Noho Marae furthers understanding of kaupapa Māori for IRANZ members

noho marae

IRANZ members and hosts at the Te Rereatukāhia Marae. Photo: IRANZ.

Te Rereatukāhia Marae, in Tauranga Moana rohe, played host in September for the Noho Marae (overnight marae stay) for IRANZ members.

The Noho Marae, for CEOs and other senior science leaders, was part of the Ngā Mahi Ngātahi Project to promote Equity, Diversity, and Inclusion (EDI). Funded by MBIE’s EDI Capability Fund, and led by Cawthron and Takarangi Research, the project aims to develop best practice EDI guidelines for the research and innovation sector in Aotearoa New Zealand.

Following on from an IRANZ survey of members’ current understanding and approach to kaupapa Māori (the philosophies and practices of being Māori, and the current and historical impacts of colonisation on Māori society), the Noho Marae was designed to improve members’ knowledge of the issues that relate to EDI in Aotearoa.


The themes that were covered included ‘Understanding Māori principles, concepts, and perspectives’; ‘Engaging with Māori communities’; and ‘Understanding Te Tiriti and its relevance to your organisation’.

Te Rereatukāhia Marae

“Ngāi Tamawhariua Poutiriao”

Te Rereatukāhia Marae exists within a living pā, about 30mins from Tauranga. For the local community of 600 people, Tamawhariua is their Whare Tupuna, and Ngai Tamawhariua is also the name of the hapū. The whakatuaki (Māori proverb) above relates to a local taniwha and is used as a guiding mantra for meeting the challenges that the hapū face.

As part of the first theme: Understanding Māori principles, concepts, and perspectives, IRANZ members heard about history of the area, including the confiscation of vast amounts of land and the restriction of the hapū on to remaining marginal areas, which are now threatened by climate change and require managed retreat of the established community.

Members heard about the financial poverty and the infrastructure challenges experienced in the community which stands in stark contrast to the surrounding rich horticulture area. Much of the pā has no town services, and use tank water and septic tank sewerage systems.

But attendees also heard about the resilience of the people and the wealth found in the experience of living in a pā, in community, and particularly with grandparents. They met inspiring members of the community who are working collectively to ensure the future of the hapū.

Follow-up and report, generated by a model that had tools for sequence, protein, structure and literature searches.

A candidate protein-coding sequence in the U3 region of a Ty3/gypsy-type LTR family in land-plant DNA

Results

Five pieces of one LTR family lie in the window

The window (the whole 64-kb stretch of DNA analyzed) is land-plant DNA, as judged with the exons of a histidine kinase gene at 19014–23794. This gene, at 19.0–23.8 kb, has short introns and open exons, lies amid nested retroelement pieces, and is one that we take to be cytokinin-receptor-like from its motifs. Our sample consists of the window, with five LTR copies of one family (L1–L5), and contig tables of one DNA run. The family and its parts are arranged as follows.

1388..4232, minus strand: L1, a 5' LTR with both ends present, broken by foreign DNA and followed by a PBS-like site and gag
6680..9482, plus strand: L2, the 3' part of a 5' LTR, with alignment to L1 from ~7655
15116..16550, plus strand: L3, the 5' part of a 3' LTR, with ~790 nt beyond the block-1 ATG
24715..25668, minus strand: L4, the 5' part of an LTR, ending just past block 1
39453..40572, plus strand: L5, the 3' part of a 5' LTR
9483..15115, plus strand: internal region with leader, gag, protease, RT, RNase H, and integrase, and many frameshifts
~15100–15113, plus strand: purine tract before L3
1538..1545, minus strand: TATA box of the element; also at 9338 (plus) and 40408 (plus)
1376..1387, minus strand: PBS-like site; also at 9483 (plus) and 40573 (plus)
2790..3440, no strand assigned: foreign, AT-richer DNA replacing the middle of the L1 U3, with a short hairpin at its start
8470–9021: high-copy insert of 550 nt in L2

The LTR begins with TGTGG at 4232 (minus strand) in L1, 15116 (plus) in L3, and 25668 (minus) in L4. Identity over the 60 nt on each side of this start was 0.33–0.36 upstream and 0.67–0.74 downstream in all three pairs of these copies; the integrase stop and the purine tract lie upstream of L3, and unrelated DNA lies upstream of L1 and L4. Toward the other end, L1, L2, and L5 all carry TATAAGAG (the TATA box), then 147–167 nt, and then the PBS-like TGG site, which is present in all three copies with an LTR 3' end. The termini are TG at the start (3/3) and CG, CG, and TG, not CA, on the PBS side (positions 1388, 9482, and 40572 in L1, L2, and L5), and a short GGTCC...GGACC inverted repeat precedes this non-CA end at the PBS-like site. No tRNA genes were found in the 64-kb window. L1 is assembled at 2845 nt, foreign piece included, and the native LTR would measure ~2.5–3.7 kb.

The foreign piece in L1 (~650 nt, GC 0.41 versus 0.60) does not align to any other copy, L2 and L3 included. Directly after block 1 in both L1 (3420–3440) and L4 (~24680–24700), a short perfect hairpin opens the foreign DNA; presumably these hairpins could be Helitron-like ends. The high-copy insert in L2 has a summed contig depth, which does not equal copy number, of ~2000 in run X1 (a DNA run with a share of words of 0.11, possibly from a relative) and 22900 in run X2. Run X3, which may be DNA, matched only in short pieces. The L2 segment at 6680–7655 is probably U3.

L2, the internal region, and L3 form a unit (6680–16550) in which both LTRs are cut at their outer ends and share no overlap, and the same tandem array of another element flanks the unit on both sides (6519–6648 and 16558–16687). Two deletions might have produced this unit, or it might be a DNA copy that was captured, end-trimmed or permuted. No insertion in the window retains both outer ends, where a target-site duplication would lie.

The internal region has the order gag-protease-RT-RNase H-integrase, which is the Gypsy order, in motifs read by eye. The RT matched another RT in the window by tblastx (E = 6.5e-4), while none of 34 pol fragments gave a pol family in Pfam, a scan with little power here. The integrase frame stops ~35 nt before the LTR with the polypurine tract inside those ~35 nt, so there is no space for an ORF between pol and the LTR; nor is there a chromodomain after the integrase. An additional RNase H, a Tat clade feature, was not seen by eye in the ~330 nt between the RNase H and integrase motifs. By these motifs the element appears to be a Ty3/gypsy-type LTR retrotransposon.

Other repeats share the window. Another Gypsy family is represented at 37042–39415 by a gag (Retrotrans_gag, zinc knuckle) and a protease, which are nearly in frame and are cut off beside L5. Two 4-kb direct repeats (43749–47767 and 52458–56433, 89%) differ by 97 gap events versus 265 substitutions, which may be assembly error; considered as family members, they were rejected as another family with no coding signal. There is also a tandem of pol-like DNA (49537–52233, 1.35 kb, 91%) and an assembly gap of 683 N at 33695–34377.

IRANZ particpants also experienced the wealth of the community through the generosity of the delicious kai (food) two trained chefs prepared over the weekend, the sharing of knowledge, and the support of one of the local kuia right throughout the Noho.

Improving the understanding of kaupapa Māori

Paora Tapsell, a Principal Researcher of the Takarangi Research Group, and Anaru Luke, Tumuaki Te Kāhui Āio at Cawthron Institute, outlined the genesis of the Ngā Mahi Ngātahi project.

IRANZ Kaitohutohu Mātauranga Rangimaria Aperahama presented the survey results (which was conducted earlier in the year). The themes for the Noho Marae came from this analysis.

Dr Karaitiana Taiuru of Taiuru & Associates spoke about Wai262. Wai262 is a Waitangi Tribunal claim initiated in the 1990s in relation to the protection of taonga Māori. Karaitiana spoke about the classification of Taonga Species, and the possible impacts and opportunities this claim may have for IRANZ members, from the management of specimens through to working in partnership with hapū/iwi.

Invited speakers also talked about Māori cosmology and some of the complexities around engagement with Māori community and organisations; and the history leading up to the signing of Te Tiriti, population changes during this time, the distinctions between Te Tiriti and The Treaty of Waitangi, and the impact of breaches of Te Tirtiti on Māori communities.

There was also a group wānanga on the approaches and challenges faced by members in relation to EDI. Some of the issues that came up were the challenge for small members in maintaining capacity within their organisations; creating safe environments within organisations for staff members from minority communities; and supporting pipelines for more young people to enter the sciences.

Moving forward

The issues raised in the survey and during the Noho Marae will be considered in further developing the best practice EDI guidelines for the research and innovation sector. Cawthron and Takarangi Research are planning a launch of the EDI guidelines in late November in Nelson, and the project will be completed with final report to MBIE in December.

Date posted: 31 October 2023

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